Day by day,

day by day;

for thirty years,

you watched us,

lived with us,

broke bread,

broke wind

Some of these lines are clearly iambic, but the whole is not. The typography alone gives form, and the form is at the service of content—above all that (here) final and uncomfortable observation that if Christ “broke bread” with us, revealing he was fully man though fully God, so also must he have suffered flatulence like us. As it happens, Milton explores this little fact by the way, in Paradise Lost, but it is clear that Block wants us to focus on these “lived” details in their rousing slap, and the form highlights this by presenting each detail as an isolated “moments of perception.” Other poems, such as “Confession to Sumac,” “The Scar,” “Christ Has Set Us Free,” “John 21,” and “Walking on Water,” are more metrically ambiguous. The majority of Block’s poems, however, are blank iambics—or iambics interspersed with a surprising end rhyme or two—wherein the line lengths are irregular so as to isolate and highlight individual moments of thought.

Why, one asks, has Block gone to such lengths to give us poems that consistently display the principles of organic form but frequently also seem ordered by a true iambic rhythm that varies only in the pauses produced by line lengths? The answer is that Block is searching for a form that will allow poetry most clearly to become prayer. Everything in his work is at the service of prayer. And that, for the modern poet, poses an intractable challenge.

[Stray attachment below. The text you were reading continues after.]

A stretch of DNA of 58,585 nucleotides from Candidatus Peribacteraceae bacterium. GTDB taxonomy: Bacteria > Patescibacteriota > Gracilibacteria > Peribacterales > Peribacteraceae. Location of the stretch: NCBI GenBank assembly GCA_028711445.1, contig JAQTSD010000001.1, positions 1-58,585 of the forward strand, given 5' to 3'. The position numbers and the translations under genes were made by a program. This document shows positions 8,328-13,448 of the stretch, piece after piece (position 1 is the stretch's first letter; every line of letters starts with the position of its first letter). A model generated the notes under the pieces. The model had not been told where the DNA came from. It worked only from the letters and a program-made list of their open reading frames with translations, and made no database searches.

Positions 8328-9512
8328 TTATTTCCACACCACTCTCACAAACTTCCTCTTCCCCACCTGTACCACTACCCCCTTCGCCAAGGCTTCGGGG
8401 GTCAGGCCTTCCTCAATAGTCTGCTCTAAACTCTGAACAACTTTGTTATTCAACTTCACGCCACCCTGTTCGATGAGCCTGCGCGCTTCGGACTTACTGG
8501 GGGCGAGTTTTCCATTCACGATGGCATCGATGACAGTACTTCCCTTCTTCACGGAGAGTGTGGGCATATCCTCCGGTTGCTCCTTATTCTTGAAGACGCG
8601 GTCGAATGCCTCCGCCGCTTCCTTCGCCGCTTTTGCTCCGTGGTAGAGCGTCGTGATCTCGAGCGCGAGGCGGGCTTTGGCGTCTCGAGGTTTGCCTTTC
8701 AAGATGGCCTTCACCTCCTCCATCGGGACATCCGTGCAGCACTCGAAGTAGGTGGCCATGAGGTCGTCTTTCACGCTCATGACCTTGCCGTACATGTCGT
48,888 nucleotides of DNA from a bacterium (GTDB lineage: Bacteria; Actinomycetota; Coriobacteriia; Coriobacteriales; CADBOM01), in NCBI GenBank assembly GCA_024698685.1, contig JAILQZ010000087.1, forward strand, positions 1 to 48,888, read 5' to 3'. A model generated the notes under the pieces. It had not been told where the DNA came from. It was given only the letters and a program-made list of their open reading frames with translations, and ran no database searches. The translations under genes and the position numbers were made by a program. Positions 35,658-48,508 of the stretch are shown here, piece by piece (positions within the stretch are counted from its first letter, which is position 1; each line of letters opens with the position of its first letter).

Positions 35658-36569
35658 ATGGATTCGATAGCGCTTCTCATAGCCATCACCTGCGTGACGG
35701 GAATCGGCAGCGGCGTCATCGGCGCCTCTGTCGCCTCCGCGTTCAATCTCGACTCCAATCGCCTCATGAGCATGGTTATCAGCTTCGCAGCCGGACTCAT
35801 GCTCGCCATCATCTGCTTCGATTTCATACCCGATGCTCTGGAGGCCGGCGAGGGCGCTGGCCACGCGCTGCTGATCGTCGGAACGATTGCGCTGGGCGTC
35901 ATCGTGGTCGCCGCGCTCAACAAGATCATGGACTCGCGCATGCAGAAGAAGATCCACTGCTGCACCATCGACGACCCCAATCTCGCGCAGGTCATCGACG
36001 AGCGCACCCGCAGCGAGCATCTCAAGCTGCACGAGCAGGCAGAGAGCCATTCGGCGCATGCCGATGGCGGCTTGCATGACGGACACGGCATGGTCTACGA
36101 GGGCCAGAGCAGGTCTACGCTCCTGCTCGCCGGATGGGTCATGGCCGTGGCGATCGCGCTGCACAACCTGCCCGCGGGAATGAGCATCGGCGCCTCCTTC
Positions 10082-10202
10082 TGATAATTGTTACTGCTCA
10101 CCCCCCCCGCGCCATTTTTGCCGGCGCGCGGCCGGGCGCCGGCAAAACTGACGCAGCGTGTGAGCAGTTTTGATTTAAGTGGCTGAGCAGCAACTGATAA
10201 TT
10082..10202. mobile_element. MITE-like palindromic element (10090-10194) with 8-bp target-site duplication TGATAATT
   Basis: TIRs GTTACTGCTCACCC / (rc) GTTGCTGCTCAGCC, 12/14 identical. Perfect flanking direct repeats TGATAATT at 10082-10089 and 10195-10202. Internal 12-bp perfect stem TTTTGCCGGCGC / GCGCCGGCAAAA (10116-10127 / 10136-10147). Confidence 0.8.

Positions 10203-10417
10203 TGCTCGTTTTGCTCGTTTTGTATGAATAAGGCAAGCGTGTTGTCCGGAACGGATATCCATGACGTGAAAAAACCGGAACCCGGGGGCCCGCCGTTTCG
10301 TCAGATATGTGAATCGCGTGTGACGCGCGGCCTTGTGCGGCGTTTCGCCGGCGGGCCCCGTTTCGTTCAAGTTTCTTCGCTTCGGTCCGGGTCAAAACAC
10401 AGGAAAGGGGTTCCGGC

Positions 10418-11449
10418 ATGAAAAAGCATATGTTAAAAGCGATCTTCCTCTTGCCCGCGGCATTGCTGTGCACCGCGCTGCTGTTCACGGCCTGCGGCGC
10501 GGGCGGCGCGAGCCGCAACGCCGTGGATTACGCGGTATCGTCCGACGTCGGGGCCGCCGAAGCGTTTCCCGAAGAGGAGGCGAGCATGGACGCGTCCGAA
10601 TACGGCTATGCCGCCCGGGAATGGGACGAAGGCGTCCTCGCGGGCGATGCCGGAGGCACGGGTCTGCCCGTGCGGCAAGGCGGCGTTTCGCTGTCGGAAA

Two islands, two seas

It is true that analogies between poetry and prayer are rife in the modern age. Samuel Beckett identified the two only to dispraise a certain kind of poetry, while the Abbé Henri Bremond thought he had discovered the root of poetic genius in a mode of contemplation fundamentally near to prayer and wrote a whole book on the subject. But these analogies are so frequent only because, since the philosophy of Immanuel Kant, there has been virtually no place for contemplation in modern man’s self-understanding. Whereas the ancient pagan and Christian traditions presumed that human fulfillment could be nothing other than the intellectual soul’s free contemplation of the highest reality and origin of all that is, since Kant, we seem to recognize only two isolated sorts of objects as occasions for contemplation.